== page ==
EVENT REVIEW: The Story of Wearside Jack with Mark Blacklock and Northumbria University
Sunday 11 October
Burlison Gallery, Durham Town Hall
Review by Annie-Rose Mears
Back in 2005, the UK was introduced to John Humble. The Yorkshire ripper hoaxer, a true time waster, and a criminal. He was tracked down by a simple saliva sample. It was an amateur mistake that would lead him to be interred for the next eight years of his life. He perverted the course of justice, and caused a massive hindrance in to the Yorkshire ripper case. Now 10 years later, Mark Blacklock portrays the true history of John Humble In his new book, ‘I’m Jack’.
Chaired by Peter Guttridge, and with a panel of experts from Northumbria University, Mark and company discussed the intricacies of the Humble incident and how it made an impact on the Yorkshire Ripper case. I was surprised to find that, as much as John Humble appalled me, I also felt some sympathy towards him. Maybe it’s because he was obsessed with Jack the Ripper, and his obsession was an outlet from his “real life”, which was sad and depressing. Friends of Humble would joke and call him Sherlock Holmes, as he expressed his fascination of such topics. His family however, never knew anything about his fascination with murder and crime investigations. Humble also had obvious mental issues. He was known before his crime conviction, to have thrown himself of the Wearmouth Bridge in Sunderland, but having failed in his suicide attempt.
Mark went in to detail about the research he had undertaken to find out information about Humble and his crime case, during which he had uncovered that many of the Wearside Jack rumours were not true; for example, despite rumours of him being brought up in Castletown, Sunderland, he was absolutely not brought up there. This caused a stir from one particular member of the audience, who struck her hand up after hearing this and loudly spoke “excuse me, excuse me, you are in fact wrong!” Despite Mark’s vigorous research, he had failed to find where Mark went to school, which was in fact in Castletown, according the woman in the audience, who was one of John Humble’s secondary school teachers. She said she remembered him so vividly, as you only have memories of students for a few short reasons. She spoke of his difficulty to listen to school rules, and how he would often have trouble wearing his uniform correctly.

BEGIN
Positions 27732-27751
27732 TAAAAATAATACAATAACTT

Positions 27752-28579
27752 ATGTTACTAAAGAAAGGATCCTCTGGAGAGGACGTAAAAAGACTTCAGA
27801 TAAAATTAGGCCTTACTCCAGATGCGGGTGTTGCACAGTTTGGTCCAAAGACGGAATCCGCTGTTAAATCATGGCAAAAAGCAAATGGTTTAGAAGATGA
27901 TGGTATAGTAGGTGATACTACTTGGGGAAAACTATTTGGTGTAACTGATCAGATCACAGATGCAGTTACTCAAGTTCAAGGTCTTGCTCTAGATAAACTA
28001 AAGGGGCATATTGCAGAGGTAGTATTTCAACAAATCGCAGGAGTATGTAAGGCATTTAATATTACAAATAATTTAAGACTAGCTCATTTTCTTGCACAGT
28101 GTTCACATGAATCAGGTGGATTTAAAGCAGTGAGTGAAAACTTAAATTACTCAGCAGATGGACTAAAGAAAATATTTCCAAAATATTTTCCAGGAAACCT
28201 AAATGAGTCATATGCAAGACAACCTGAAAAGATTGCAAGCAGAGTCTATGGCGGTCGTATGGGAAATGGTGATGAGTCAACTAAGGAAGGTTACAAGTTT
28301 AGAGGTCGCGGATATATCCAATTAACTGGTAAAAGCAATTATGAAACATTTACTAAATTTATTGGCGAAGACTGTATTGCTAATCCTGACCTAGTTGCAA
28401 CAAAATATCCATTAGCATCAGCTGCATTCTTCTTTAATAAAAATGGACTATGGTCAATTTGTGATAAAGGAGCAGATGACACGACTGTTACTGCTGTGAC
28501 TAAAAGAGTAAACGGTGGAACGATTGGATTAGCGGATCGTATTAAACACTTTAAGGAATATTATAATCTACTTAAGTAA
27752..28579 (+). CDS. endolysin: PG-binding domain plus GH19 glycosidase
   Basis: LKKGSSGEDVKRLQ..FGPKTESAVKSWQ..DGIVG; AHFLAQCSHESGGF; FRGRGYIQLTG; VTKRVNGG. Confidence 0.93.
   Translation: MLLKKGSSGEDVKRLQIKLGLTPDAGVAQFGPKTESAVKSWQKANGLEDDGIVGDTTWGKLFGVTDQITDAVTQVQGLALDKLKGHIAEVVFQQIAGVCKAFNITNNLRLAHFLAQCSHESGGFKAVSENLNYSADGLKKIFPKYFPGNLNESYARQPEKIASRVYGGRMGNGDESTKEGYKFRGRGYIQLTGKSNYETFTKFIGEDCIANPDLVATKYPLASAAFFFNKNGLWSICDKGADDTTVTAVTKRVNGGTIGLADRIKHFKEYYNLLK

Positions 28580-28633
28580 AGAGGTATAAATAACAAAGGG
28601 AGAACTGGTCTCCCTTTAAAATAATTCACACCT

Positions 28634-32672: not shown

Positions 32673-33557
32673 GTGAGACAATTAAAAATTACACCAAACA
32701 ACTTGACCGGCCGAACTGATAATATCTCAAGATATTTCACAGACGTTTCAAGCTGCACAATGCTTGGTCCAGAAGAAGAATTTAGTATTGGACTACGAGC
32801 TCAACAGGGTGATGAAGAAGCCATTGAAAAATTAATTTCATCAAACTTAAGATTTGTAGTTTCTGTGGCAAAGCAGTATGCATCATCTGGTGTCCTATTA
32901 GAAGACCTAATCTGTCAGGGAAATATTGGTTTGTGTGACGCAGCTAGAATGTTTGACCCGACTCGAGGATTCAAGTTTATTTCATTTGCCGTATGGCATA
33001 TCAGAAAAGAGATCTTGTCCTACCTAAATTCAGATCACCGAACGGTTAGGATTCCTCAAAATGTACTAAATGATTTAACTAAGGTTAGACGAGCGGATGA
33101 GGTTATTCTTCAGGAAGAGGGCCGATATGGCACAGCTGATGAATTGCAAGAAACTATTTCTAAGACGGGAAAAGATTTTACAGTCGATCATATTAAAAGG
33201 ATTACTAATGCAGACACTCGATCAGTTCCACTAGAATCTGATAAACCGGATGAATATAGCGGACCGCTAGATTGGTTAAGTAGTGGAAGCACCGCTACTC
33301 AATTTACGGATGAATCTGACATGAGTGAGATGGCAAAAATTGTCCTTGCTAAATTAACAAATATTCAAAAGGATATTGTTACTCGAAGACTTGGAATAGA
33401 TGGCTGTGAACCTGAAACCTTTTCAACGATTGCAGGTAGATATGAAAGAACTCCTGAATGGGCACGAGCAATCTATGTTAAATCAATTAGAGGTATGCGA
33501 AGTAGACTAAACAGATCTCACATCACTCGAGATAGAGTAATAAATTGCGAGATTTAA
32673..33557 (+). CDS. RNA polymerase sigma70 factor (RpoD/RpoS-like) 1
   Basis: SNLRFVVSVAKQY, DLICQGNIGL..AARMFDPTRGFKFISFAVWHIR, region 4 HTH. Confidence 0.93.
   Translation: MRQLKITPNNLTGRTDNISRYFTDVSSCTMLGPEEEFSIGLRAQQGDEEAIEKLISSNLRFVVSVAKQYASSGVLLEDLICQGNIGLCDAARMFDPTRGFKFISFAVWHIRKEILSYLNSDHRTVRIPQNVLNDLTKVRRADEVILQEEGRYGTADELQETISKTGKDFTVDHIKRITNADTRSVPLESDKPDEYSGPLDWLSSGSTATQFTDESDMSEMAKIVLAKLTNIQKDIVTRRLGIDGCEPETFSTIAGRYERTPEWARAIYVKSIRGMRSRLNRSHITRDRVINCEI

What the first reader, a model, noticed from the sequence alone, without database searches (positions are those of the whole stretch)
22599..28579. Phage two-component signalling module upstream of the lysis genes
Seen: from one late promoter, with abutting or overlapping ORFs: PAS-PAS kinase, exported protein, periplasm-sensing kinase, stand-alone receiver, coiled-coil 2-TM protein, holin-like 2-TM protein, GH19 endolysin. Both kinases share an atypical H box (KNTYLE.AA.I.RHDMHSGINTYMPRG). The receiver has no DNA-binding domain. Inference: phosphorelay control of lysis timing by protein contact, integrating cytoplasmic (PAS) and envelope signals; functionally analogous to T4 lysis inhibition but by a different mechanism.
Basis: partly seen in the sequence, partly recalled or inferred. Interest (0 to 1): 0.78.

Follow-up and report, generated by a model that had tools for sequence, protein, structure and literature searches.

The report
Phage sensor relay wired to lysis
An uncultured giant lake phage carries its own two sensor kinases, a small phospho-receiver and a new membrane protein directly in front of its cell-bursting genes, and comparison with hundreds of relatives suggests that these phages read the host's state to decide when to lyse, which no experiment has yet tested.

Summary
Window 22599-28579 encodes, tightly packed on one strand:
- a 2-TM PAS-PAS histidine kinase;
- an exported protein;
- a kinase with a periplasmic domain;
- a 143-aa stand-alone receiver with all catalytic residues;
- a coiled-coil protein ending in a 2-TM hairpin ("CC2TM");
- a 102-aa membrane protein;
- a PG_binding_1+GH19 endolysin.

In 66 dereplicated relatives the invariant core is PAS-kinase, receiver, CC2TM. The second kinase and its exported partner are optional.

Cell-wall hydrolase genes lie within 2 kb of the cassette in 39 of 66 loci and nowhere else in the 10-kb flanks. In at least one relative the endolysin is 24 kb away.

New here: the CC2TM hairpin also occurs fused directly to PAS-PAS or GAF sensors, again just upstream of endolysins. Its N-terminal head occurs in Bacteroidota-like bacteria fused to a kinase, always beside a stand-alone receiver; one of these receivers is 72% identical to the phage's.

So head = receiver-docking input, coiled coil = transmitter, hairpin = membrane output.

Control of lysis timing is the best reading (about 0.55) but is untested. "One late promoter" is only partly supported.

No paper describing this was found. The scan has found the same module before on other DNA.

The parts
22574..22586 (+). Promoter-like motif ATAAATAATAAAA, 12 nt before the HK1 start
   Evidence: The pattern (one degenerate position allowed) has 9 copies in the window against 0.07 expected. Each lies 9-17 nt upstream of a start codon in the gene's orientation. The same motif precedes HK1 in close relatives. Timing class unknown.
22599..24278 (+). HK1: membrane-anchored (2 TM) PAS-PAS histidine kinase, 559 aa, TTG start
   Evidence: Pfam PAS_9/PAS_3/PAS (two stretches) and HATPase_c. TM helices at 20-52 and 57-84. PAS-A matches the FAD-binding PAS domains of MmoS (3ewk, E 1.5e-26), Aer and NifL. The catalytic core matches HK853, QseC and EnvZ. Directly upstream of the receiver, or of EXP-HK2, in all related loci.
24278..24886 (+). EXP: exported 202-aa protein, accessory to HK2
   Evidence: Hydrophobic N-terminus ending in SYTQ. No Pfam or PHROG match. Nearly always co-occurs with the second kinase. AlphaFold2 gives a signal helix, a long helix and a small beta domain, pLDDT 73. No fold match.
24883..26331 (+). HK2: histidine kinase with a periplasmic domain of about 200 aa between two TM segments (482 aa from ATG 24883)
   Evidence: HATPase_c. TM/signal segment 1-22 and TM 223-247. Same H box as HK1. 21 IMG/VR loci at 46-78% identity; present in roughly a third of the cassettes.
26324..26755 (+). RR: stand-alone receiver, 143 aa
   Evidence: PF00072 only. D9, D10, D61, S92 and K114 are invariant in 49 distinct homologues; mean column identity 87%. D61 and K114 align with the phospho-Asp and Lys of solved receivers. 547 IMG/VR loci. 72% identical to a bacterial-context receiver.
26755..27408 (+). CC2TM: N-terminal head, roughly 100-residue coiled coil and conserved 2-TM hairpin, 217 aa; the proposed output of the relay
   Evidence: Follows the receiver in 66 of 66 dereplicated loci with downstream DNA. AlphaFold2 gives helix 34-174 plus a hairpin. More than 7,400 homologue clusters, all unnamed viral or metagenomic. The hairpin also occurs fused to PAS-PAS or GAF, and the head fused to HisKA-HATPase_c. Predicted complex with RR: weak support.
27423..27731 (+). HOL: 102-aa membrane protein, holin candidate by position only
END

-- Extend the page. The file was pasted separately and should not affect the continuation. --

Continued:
I must admit, that this wasn’t the sort of event I was expecting. However, it still remained thoroughly interesting. I only wish he touched more on the details of his book rather than the research that went behind it. Certain details where left unclear. Nevertheless, Mark Blacklock was incredibly interesting and managed to hold the crowd with the research that went in to his book and his account of what made me him write about such an event. John Humble’s case struck a cord with Blacklock, and his book has now wowed the literature crowd.
ADDENDUM: We’ve spoken to Mark Blacklock since the event. He has since checked his notes and Humble actually went to Havelock Senior School in Ford. As Mark says, “this illustrates what I was saying about hoaxes; untruth proliferates and spreads. It also illustrates the basic human desire to be involved in these quasi-mythical events.”
Annie-Rose Mears is a Reviewer in Residence at Durham Book Festival.
Reviewers in Residence is a Cuckoo Young Writers programme ,which allows young critics to develop an in-depth relationship with a venue or art form, and take part in exclusively tailored writing masterclasses.